“It is vital for employees to estimate how much money they’ll need in order to live comfortably in retirement and take advantage of the tools that help identify how they can secure a stream of income they can’t outlive,” says Ron Pressman, CEO of institutional financial services at TIAA. “Having a source of guaranteed income can help savers be better prepared to deal with ongoing retirement expenses, such as healthcare, as well as unexpected events.”

Ray adds, “When it comes to thinking about lifetime income, you have to think about the risk of outliving that income, and that’s why lifetime income products are so valuable, especially as employees are living longer today.”

TIAA notes that annuities are one lifetime income option that retirees can take advantage of, but its survey found that only one in ten Americans have annuities. Still, the firm found that 92% of annuity holders are satisfied with their investment decisions, highlighting a key opportunity for plan sponsors to educate participants about the benefits of this option, as well as other life-time income solutions that may be available to them.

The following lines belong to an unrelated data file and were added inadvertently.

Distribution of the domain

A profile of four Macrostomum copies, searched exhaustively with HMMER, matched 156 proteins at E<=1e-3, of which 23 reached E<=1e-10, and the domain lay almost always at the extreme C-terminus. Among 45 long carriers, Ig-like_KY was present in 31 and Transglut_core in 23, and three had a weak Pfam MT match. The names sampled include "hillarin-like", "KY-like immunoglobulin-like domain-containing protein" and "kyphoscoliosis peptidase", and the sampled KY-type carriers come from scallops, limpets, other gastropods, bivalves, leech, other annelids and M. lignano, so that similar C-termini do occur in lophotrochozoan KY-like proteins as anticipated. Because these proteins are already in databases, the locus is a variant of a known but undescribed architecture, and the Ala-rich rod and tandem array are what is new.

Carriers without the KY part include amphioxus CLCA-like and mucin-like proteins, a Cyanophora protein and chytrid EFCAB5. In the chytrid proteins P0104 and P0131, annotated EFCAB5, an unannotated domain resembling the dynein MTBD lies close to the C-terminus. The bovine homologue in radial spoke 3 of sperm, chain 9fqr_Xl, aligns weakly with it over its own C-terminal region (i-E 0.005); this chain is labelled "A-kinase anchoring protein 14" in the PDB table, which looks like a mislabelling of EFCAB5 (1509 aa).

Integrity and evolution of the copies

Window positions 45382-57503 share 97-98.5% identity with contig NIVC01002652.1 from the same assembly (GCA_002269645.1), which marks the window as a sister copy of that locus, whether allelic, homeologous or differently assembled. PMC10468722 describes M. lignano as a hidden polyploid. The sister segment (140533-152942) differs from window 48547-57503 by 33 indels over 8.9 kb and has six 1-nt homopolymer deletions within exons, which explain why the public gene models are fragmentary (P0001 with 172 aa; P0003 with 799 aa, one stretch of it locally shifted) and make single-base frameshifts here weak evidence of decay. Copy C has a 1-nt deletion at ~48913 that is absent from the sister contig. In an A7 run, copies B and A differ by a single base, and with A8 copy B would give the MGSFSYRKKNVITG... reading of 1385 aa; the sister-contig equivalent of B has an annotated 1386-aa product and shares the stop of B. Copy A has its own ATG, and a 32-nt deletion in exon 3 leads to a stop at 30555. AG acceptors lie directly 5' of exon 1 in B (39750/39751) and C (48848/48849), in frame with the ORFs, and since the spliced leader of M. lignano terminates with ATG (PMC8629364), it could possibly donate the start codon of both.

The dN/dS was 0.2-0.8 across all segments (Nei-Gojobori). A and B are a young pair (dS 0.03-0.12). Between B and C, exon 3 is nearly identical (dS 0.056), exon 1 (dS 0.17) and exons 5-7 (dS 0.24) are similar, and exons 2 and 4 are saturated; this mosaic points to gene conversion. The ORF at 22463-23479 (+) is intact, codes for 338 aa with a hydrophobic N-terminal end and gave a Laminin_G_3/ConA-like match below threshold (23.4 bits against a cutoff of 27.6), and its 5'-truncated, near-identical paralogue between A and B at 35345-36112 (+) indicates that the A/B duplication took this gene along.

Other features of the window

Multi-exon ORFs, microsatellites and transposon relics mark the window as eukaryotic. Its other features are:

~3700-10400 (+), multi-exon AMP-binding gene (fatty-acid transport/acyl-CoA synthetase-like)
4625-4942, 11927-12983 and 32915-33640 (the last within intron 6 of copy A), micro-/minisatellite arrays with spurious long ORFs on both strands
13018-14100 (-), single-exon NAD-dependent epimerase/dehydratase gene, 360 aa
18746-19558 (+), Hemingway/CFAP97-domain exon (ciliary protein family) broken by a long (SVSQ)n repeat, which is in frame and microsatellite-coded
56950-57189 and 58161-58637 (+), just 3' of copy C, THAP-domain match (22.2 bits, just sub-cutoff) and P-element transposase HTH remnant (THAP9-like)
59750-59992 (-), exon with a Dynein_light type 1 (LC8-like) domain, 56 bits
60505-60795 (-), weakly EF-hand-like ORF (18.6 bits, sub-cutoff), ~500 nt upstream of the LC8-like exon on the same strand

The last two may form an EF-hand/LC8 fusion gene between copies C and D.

Americans value professional financial advice, but they are unsure where to find it and whether they qualify for receiving it. TIAA’s survey finds that 35% of Americans who have not worked with a professional financial adviser say they don’t think they have enough money to justify paying for financial advice. Forty-nine percent believe they need more than $50,000 in savings to justify meeting with an adviser.

“People felt like they had to have a certain dollar threshold to get advice, which of course isn’t the case,” explains Ray. “We provide advice through every channel that a participant can interact with, whether it be in person, through the phone, or over the internet. It’s the same advice regardless of which channel is used. And we found that more than two-thirds of people who get this advice choose to save more and adjust their portfolio allocations, so we don’t believe there is a certain dollar threshold for advice.”

TIAA finds that 67% of those working with a financial adviser are satisfied with their decisions, compared to 37% who are not. Moreover, three in four respondents said they would be more likely to consider a job if it offered financial advice as an added benefit at no additional cost. For Generation Y, that preference increases to 87%.

In fact, the prospect of financial advice at no additional cost was the most popular among various free perks an employer could offer—even outranking on-site medical care or free lunch prepared by an on-site chef. This means employers are at a key position to raise awareness of financial wellness tools and resources available to their employees to help boost productivity, as well as retention.